On paper, the two of us could not be more different: One, a village girl from Bethel, born and raised in Alaska. The other a farm boy from Washington, who followed opportunity, and his love of an Alaska woman, north. However, we both share an abiding affection for this beautiful, boundless place we call home.
We also share grave concerns for Alaska’s future.
Our fellow Alaskans are united like never before. Rallies and protests involving literally thousands of Alaskans, as well as recent polls, show clear disapproval from every corner of the state. Gov. Mike Dunleavy’s agenda and priorities — as expressed through his budget vetoes — have been utterly rejected.
Despite promises of painless "efficiencies” made on the campaign trail, Gov. Dunleavy has taken a hatchet to the state’s budget and services like none before him. The sheer size of these cuts is alarming. What’s more disturbing is that these unprecedented cuts are targeted at students, children, the poor, the homeless, the elderly and victims of domestic violence — essentially, anyone who can’t afford a lobbyist or a seat at the political table.
Under a very different governor, the two of us confronted choices like these. We know firsthand how difficult and heartbreaking these budget decisions are, or at least how hard they should be. Under our former governor, the key was thinking about these dollars in terms of people we could help and problems we could solve. How many kids can we keep in Head Start? How many cancer screenings or treatment beds can these dollars provide? Above all, how can we best use Alaska’s limited resources to provide shelter, protection and opportunities for those who most need them?
Gov. Dunleavy says he’s making the tough decisions for Alaska, but his decisions are really only tough on those in need. In his quest to fulfill his empty campaign promises, he is crushing our children and our elders. Yet, at the same time, cronies and political supporters are rewarded with irresponsible contracts paid for with public funds. This is beyond unacceptable.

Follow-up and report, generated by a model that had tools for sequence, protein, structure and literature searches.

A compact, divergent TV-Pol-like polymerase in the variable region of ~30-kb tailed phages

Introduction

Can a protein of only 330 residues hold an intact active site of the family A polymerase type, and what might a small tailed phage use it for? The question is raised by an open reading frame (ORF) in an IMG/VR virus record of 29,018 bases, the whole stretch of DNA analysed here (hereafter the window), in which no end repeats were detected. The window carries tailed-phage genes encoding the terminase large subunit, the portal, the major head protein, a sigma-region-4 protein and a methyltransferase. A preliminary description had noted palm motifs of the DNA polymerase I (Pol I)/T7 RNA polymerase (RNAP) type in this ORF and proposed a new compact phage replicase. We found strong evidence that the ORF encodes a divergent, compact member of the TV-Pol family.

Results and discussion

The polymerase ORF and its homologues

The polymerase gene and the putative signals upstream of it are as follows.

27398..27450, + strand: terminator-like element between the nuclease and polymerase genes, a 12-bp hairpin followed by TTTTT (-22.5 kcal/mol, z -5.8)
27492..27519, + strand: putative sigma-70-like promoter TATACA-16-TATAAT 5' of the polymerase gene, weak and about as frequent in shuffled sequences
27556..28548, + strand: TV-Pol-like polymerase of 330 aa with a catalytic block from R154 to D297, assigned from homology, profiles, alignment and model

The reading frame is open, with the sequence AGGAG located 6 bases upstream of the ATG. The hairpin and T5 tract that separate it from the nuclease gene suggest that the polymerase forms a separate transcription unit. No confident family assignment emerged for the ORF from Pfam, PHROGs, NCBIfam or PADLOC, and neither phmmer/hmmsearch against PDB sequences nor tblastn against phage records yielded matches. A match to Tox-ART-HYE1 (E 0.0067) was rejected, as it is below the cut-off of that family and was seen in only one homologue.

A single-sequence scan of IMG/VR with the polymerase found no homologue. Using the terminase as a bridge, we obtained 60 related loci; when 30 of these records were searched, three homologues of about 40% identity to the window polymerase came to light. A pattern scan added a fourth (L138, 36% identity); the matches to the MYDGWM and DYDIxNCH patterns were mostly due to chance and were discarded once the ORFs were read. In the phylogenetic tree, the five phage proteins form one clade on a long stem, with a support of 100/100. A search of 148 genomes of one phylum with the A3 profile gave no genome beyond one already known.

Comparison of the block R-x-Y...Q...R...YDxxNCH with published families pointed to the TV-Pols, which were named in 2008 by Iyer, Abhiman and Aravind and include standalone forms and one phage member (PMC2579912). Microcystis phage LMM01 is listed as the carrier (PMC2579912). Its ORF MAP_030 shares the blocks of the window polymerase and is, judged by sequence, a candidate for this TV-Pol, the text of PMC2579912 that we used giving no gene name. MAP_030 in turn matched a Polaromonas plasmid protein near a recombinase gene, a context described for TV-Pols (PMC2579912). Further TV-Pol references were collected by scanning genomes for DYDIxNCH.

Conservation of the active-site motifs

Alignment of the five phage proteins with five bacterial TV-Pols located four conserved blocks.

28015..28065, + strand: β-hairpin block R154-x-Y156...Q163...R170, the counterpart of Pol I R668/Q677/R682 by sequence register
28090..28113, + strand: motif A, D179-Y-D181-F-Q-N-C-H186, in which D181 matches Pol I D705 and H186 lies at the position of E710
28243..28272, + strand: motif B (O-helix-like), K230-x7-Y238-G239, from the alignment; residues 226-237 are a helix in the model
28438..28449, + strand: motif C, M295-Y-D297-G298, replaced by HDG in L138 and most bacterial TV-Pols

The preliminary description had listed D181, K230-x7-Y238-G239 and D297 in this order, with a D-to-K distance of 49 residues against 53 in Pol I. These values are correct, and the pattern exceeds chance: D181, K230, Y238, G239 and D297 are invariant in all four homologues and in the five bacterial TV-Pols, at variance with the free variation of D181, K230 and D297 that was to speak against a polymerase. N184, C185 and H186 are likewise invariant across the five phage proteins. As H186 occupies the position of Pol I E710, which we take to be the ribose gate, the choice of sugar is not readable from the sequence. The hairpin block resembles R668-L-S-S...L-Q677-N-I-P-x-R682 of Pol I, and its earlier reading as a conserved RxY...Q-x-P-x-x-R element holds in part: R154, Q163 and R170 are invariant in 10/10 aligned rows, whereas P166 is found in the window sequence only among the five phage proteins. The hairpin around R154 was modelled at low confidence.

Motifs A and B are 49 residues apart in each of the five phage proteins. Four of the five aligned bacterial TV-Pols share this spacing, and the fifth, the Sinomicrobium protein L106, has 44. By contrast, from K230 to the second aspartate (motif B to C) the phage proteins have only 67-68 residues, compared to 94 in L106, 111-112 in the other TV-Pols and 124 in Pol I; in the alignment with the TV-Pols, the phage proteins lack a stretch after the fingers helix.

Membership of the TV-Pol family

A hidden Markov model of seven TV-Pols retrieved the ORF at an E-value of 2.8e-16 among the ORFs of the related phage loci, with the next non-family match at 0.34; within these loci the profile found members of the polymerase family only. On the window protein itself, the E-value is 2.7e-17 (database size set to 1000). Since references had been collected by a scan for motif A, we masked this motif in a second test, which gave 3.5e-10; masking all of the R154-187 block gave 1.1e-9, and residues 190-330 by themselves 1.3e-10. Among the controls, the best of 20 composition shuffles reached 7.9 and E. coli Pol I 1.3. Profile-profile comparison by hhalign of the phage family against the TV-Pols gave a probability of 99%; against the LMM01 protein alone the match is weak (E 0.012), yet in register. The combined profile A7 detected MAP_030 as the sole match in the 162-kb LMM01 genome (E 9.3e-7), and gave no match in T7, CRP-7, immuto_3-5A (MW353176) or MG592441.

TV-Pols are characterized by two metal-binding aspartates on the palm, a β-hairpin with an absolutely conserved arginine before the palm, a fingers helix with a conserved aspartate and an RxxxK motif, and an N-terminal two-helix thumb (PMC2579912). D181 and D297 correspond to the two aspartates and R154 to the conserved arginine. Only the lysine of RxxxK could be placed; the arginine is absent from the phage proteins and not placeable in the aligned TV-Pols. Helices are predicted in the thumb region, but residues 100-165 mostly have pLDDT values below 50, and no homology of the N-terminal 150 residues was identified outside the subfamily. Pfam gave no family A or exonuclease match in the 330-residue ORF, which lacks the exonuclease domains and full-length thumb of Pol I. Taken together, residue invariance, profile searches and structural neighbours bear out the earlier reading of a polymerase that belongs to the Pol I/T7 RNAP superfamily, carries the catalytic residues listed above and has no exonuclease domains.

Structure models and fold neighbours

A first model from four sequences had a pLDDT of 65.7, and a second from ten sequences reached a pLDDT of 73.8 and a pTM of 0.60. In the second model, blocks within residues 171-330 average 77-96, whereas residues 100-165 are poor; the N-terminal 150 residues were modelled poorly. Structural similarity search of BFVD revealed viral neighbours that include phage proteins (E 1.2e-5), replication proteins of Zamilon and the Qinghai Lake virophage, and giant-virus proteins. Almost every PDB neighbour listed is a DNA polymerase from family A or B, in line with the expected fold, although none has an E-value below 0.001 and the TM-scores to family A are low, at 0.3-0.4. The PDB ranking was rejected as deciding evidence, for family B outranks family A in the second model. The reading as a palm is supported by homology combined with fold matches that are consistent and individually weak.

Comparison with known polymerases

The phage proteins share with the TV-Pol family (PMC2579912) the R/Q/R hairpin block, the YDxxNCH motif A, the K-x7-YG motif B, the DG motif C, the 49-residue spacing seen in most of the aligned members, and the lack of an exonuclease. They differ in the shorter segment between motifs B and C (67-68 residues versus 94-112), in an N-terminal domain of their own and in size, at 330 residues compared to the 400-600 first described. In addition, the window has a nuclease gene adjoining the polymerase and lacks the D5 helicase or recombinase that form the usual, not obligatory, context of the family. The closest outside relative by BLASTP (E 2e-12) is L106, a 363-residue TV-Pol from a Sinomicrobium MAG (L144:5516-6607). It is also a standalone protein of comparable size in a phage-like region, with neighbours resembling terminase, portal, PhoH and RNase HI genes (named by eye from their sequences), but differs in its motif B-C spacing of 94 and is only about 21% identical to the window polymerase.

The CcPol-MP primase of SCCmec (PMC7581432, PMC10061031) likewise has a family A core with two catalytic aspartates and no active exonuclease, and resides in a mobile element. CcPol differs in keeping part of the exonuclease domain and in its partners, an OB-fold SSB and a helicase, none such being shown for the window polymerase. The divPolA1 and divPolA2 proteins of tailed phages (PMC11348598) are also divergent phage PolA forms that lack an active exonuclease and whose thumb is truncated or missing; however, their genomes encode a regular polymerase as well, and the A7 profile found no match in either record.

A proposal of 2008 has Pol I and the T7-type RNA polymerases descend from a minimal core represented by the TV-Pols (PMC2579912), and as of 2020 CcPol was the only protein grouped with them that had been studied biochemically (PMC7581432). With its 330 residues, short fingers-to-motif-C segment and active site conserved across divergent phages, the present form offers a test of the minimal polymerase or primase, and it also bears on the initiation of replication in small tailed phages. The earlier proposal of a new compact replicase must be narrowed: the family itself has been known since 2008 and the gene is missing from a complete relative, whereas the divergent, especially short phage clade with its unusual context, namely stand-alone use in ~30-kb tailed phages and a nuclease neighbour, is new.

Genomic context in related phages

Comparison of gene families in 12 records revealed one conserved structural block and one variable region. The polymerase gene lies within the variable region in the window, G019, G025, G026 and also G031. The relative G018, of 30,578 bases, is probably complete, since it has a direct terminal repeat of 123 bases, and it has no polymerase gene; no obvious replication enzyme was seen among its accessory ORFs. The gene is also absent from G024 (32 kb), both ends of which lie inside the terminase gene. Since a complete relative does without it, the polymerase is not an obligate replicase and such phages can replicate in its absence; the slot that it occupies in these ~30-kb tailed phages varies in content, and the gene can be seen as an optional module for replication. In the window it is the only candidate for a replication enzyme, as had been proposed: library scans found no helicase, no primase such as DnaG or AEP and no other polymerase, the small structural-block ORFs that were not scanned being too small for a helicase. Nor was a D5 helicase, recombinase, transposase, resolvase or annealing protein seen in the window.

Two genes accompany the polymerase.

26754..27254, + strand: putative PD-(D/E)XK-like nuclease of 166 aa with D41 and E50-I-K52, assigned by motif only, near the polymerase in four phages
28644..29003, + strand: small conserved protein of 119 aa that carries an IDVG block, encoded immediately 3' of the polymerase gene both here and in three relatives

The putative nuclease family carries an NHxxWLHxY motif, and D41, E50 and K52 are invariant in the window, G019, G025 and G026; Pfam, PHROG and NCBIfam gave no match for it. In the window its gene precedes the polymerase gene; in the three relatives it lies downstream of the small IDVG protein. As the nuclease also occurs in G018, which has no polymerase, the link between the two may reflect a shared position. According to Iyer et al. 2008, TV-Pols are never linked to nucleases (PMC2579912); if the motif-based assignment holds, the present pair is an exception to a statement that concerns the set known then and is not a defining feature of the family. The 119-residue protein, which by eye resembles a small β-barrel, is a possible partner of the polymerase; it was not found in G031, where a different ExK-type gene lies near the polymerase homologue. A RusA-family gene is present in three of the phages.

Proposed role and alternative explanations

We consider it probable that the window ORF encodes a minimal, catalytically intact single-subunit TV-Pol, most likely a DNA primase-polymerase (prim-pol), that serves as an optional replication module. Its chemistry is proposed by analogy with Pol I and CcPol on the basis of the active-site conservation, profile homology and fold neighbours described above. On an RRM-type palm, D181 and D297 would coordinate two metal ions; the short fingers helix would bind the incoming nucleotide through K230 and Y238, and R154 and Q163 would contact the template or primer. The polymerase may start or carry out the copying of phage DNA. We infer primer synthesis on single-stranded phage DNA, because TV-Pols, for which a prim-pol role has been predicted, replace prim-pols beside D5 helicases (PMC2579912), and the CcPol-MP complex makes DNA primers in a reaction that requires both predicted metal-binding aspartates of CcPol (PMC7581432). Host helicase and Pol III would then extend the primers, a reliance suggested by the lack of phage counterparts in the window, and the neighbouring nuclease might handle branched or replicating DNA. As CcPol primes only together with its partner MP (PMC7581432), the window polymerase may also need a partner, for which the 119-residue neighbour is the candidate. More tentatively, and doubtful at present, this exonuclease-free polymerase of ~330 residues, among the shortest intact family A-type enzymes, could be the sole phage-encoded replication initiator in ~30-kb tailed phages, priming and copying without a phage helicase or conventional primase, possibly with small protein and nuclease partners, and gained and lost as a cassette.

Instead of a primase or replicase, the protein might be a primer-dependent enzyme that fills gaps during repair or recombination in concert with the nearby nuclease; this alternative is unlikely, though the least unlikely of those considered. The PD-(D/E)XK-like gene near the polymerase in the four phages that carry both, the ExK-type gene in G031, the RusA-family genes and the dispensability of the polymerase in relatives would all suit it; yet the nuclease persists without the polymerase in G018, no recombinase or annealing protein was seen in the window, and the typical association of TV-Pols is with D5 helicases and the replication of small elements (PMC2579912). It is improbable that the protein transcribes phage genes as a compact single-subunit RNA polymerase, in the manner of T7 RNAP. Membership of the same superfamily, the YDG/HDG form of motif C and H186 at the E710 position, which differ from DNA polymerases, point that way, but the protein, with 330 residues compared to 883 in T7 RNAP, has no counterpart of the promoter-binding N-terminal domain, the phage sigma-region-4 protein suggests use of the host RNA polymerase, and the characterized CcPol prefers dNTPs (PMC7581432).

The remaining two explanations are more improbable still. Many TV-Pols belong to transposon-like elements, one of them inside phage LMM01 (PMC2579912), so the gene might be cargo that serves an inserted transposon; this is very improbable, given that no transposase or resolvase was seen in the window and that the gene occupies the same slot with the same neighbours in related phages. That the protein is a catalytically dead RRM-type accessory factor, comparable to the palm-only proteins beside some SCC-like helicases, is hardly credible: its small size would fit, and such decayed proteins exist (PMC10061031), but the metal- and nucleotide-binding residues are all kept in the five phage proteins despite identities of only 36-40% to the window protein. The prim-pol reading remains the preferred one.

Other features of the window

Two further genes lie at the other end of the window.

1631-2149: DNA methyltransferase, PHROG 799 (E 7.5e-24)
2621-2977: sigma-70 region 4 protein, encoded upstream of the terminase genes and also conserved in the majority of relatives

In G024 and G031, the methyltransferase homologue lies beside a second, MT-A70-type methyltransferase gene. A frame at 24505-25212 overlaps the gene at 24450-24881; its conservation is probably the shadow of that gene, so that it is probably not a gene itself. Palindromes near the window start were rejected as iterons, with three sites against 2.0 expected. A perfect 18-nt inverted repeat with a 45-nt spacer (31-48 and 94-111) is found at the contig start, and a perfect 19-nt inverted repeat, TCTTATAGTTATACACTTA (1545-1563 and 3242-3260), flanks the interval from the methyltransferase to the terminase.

Whatever this governor’s interests are, he doesn’t have Alaskans’ interests at heart. He’s not standing tall for Alaska, he’s falling short of basic decency. If he has a guiding principle, it seems to be that “government doesn’t work," and he’s perfectly willing to incapacitate our government to prove himself correct. Although Alaskans have united in opposition to this agenda, the governor has several years left in his term.
But there is hope. There is hope in our separate but equal branches of government. There is hope in a judiciary that has made clear to this governor — in no uncertain terms — that they will not back down to a bully who threatens their funding. There is hope in a Legislature that has shown the ability to work across the aisle and stand up to the governor, even when that governor is from their own party. Legislators as diverse as Bryce Edgmon, Cathy Giessel, Chuck Kopp, Matt Claman, Steve Thompson, Tiffany Zulkosky and many others have all shown tremendous courage to put the interests of Alaska above their own and those of their political parties. Despite coming up short in the monumental task of a three-quarters vote to override the governor’s destructive vetoes, we know they will continue to fight.
And the fight isn’t over because most of all, there is hope in the vast majority of Alaskans who are here to stay — who love their state, and their fellow Alaskans, with their whole hearts. Like those many Alaskans the two of us are ready to work with those who share that belief — to protect, and continue to build, everything that makes Alaska great. True Alaskans have always taken care of each other, and we always will. Alaska first, Alaska always.
Valerie Nurr’araaluk Davidson served as lieutenant governor and the Commissioner of the Alaska Department of Health and Social Services under Gov. Bill Walker.
Scott Kendall served as chief of staff under Gov. Bill Walker. He is now an attorney in private practice.
The views expressed here are the writer’s and are not necessarily endorsed by the Anchorage Daily News, which welcomes a broad range of viewpoints. To submit a piece for consideration, email commentary(at)adn.com. Send submissions shorter than 200 words to email@example.com or click here to submit via any web browser. Read our full guidelines for letters and commentaries here.